Serving Up Some Good News
Those hungry for some good news in the midst of the COVID-19 pandemic — and that’s just about everyone — received some Thursday with the announcement that the iconic White Hut, a Memorial Avenue landmark since 1939, will reopen under new ownership.
Those owners, Peter Picknelly, chairman and CEO of Peter Pan Bus Lines, and Andy Yee, president of the Bean Group of restaurants, told BusinessWest they plan to start with a food truck slated to open on or soon after May 18 — the new date for possibly restarting the state’s economy — and eventually reopen the small but historic restaurant, with a target date of July 1.
When it does reopen, it will have a slightly different look (see renderings below). Picknelly described the subtle but important changes this way: “it will be the exact same food in a nicer, cleaner, more modern environment.”
Picknelly and Yee, who, along with partners Michael and Kevin Vann, succeeded in rescuing another iconic restaurant, the Student Prince, in 2014, initially announced plans to do the same with the White Hut back in February, when the popular eatery abruptly closed. The pandemic slowed those plans — while also devastating both Peter Pan and the Bean Group (both large businesses have had to lay off or furlough hundreds of employees) — but they didn’t derail them.
That’s because the partners are committed to rescuing the landmark, said Picknelly, and they obviously see this as a sound business proposition.
“As with the Student Prince, we view the White Hut as an integral part of our community — it’s part of this region’s DNA,” he told BusinessWest, repeating an opinion he first expressed back in February. “Generations of the same family have gone there, just like with the Student Prince. It’s an iconic location in our area, and we wanted to save it for generations to come.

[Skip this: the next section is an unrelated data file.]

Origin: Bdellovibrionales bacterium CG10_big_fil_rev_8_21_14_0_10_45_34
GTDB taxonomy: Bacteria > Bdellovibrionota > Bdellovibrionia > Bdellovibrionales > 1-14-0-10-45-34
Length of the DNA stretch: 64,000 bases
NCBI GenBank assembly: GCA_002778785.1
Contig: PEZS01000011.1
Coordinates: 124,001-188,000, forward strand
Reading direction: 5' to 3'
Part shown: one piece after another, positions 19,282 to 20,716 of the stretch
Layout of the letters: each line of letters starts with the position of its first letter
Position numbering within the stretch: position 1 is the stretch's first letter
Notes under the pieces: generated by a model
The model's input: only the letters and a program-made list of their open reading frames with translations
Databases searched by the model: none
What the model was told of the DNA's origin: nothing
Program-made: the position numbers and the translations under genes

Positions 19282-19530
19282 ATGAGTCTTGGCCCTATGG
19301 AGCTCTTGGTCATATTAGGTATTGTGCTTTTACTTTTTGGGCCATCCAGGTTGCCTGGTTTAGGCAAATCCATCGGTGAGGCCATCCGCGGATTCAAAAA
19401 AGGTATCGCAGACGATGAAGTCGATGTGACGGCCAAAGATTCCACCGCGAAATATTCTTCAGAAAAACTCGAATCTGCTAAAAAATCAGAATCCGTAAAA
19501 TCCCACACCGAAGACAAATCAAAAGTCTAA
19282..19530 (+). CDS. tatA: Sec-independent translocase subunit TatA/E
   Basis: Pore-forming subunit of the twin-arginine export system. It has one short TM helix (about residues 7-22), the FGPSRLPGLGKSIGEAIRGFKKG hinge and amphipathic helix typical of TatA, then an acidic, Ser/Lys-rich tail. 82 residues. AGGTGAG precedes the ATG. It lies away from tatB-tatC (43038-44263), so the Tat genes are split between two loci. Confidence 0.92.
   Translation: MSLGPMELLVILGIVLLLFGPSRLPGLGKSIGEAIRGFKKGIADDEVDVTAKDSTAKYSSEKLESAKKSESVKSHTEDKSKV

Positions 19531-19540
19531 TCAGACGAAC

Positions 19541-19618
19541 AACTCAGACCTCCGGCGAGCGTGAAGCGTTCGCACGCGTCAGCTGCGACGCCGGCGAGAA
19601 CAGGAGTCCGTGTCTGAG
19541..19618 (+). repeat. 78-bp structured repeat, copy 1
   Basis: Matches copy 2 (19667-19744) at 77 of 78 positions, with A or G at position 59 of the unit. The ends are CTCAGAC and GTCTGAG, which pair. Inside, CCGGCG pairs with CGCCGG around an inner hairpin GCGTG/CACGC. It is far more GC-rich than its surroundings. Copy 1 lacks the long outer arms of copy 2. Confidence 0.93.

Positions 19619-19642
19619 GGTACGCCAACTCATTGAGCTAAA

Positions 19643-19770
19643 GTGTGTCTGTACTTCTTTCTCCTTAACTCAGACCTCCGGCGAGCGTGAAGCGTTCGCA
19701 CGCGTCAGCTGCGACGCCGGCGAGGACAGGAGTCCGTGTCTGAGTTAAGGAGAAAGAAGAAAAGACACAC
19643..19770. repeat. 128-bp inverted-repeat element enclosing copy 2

“Also, we’re bullish that business is going to come back,” he went on, “and we’re going to make the White Hut bigger and better than ever.”
As construction commences on the exterior and interior of the actual restaurant, the food truck will begin operating the week of May 18, said Yee, noting that restaurants can operate takeout and delivery business at present, and West Springfield, among other communities, is allowing food trucks to operate.
The truck will be open at least five days a week, serving lunch from 11 a.m. to 4 p.m., said Picknelly. By July 1, the restaurant should be open, he went on, adding that planned renovations will allow for more efficient use of existing space and provide more elbow room for patrons.
“There was a fair amount of dead space in there,” Yee explained. “We looked at it and said, ‘we can open this up and make it much more roomy,’ so we’re doing that.”
West Springfield officials have also given permission for a walk-up takeout window, which, in addition to the traditional fare served up at the White Hut — cheeseburgers with fried onions — will offer ice cream, an addition with considerable promise, said Yee.
When the restaurant does reopen, long-time manager Artie White and most all of the staff working there when the restaurant closed will return, Yee noted. “They’ll be providing the same food and same banter — that’s part of the experience — in a more modern, more efficient White Hut.”
Overall, the partners believe they have all the ingredients — from the name and location to the menu and their own track record for success with restaurants across the region — to script a real success story on Memorial Avenue.
“We’ve done a financial model, and we think, with our buying power and Andy’s family’s experience in running all kinds of restaurants, that we can make a go of it,” Picknelly said. “If the community supports us, then we’ll be successful, and we think they will; as with the Student Prince, you don’t really know what you’ve got until you lose it.”